Hiroshima not only is a city full of history and attractions, but it also has its own tasty dishes. Some can only be found in the area, while others were adapted from other famous Japanese dishes. Here are 5 Hiroshima foods you must try!
The Hiroshima okonomiyaki is a bit different from the usual one found in the rest of Japan. It is made by putting shredded cabbage and yakisoba on a thin layer of batter. The pancake is then fried and topped with oysters, cheese, squid, bonito flakes, green onions and okonomiyaki sauce. There are okonomiyaki restaurants almost everywhere in Hiroshima – this is how popular this food is!
2. Momiji Manju
Momiji Manju refers to the area’s most loved snack souvenir. Manju is a Japanese little sweet that is made from and flour, rice powder and buckwheat. Momiji refers to the autumn colored leaves. No, the sweets are not actually filled with leaves, but are made to resemble leaves. Fillings vary from the traditional sweet bean paste to custard, cream cheese, chocolate, or powdered tea flavored cream. Momiji Manju appeared in Miyajima and was created after Momijidani, a well-known maple leaf viewing spot.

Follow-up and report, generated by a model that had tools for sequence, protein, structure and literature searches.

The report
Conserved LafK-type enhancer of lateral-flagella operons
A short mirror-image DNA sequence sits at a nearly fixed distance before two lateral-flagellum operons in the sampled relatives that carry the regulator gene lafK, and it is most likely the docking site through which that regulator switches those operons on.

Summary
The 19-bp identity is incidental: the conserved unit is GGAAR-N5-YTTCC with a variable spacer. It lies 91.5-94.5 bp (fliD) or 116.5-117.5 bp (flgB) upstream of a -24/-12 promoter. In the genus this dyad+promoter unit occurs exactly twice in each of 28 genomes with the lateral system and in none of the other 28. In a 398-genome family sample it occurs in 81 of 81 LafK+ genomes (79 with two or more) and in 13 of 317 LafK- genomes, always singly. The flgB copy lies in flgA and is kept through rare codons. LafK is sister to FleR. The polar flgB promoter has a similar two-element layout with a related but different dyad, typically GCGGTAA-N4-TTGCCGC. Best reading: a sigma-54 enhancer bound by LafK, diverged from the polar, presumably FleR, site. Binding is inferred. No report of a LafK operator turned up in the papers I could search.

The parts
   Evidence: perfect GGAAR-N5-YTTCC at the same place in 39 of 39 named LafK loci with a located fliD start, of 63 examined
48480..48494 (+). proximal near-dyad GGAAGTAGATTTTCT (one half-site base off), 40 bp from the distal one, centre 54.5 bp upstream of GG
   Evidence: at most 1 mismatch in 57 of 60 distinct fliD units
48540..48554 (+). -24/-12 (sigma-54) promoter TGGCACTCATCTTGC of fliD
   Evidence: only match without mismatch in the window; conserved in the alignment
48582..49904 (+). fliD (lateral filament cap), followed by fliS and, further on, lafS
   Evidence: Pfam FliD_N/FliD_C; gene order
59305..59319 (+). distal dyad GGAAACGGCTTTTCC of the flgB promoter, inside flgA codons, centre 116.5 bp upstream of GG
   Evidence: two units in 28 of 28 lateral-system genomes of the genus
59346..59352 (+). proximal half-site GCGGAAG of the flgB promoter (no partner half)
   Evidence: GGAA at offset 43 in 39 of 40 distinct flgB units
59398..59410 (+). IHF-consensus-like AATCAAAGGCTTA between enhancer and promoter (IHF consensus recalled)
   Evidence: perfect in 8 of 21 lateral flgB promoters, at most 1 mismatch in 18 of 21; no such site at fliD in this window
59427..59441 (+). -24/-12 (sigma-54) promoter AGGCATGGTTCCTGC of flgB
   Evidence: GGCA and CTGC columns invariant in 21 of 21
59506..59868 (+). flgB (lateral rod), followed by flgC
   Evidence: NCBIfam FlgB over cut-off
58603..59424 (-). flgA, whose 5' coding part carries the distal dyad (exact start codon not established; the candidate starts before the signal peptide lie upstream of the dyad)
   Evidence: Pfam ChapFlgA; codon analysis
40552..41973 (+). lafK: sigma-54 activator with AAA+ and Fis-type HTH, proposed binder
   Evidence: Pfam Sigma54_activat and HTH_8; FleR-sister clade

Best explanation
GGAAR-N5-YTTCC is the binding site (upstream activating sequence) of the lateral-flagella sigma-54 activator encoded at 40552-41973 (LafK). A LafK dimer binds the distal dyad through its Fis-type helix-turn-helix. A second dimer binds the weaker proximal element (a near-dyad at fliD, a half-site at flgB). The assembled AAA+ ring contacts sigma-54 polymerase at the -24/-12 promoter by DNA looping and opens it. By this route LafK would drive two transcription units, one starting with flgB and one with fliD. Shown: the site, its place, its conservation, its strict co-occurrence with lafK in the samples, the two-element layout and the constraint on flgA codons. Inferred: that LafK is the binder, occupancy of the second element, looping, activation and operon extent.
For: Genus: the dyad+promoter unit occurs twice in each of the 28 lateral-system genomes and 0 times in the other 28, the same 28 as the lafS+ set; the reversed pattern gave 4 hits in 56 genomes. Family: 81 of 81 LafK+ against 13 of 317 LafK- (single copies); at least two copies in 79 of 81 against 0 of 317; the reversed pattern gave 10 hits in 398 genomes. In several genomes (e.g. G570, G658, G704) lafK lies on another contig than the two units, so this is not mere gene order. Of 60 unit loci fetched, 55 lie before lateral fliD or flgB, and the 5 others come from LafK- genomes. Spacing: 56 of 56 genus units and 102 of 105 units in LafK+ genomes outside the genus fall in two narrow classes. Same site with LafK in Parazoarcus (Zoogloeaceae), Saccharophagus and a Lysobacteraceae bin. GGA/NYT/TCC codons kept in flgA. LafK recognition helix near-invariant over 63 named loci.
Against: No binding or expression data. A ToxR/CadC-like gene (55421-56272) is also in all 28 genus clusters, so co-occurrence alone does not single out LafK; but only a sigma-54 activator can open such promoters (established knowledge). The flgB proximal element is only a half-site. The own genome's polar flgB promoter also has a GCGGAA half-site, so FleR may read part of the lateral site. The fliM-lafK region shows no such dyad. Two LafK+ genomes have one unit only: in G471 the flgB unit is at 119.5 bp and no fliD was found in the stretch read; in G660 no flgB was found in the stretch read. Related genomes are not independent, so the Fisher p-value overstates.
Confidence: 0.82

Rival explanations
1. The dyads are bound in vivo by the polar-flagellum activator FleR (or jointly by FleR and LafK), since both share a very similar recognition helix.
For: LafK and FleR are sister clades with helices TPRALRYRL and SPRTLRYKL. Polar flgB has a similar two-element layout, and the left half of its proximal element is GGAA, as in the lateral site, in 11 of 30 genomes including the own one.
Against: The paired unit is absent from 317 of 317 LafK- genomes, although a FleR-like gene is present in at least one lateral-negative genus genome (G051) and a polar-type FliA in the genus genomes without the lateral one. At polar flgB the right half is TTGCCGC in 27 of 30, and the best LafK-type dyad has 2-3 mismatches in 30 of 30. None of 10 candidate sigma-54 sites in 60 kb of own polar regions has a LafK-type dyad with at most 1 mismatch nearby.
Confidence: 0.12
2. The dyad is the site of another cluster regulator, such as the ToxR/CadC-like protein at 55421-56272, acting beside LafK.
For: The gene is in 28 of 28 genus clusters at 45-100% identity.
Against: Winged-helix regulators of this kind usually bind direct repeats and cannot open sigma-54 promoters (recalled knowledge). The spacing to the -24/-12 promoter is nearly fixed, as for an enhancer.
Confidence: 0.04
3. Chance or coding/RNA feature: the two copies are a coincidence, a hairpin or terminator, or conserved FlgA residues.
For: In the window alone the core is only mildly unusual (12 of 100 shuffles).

Oysters are very popular in Hiroshima, the prefecture accounting for almost 70% of the oyster production in the entire country. A part of the oysters are shipped overseas, with the other part consumed locally. They are eaten in several ways in Hiroshima: raw dipped in soy sauce, deep fried, grilled, baked or served on the top of a steamed rice bowl. Hiroshima’s people love oysters so much that there is even a festival to celebrate this kind of food!
The Hiroshima style tsukemen is served by putting the cold noodles on a plate next to a red pepper spiced sauce. A variety of toppings can be added: shredded cabbage, sliced cucumbers, shredded leek, eggs or sliced meat. The customers ordering tsukemen can usually choose the level of spiciness they want.
The eel is an amazingly delicious seafood that is always cooked before using, due to the fish’s poisonous blood. It is often eaten as sushi, as unadon (sliced eel over a bed of rice) , as kabayaki (grilled eel on a stick) or simply grilled and sliced. It is commonly brushed with tare, a sauce made from mirin and soy sauce. Its texture is crispy on the outside and tender on the inside.
Have a good trip and travel!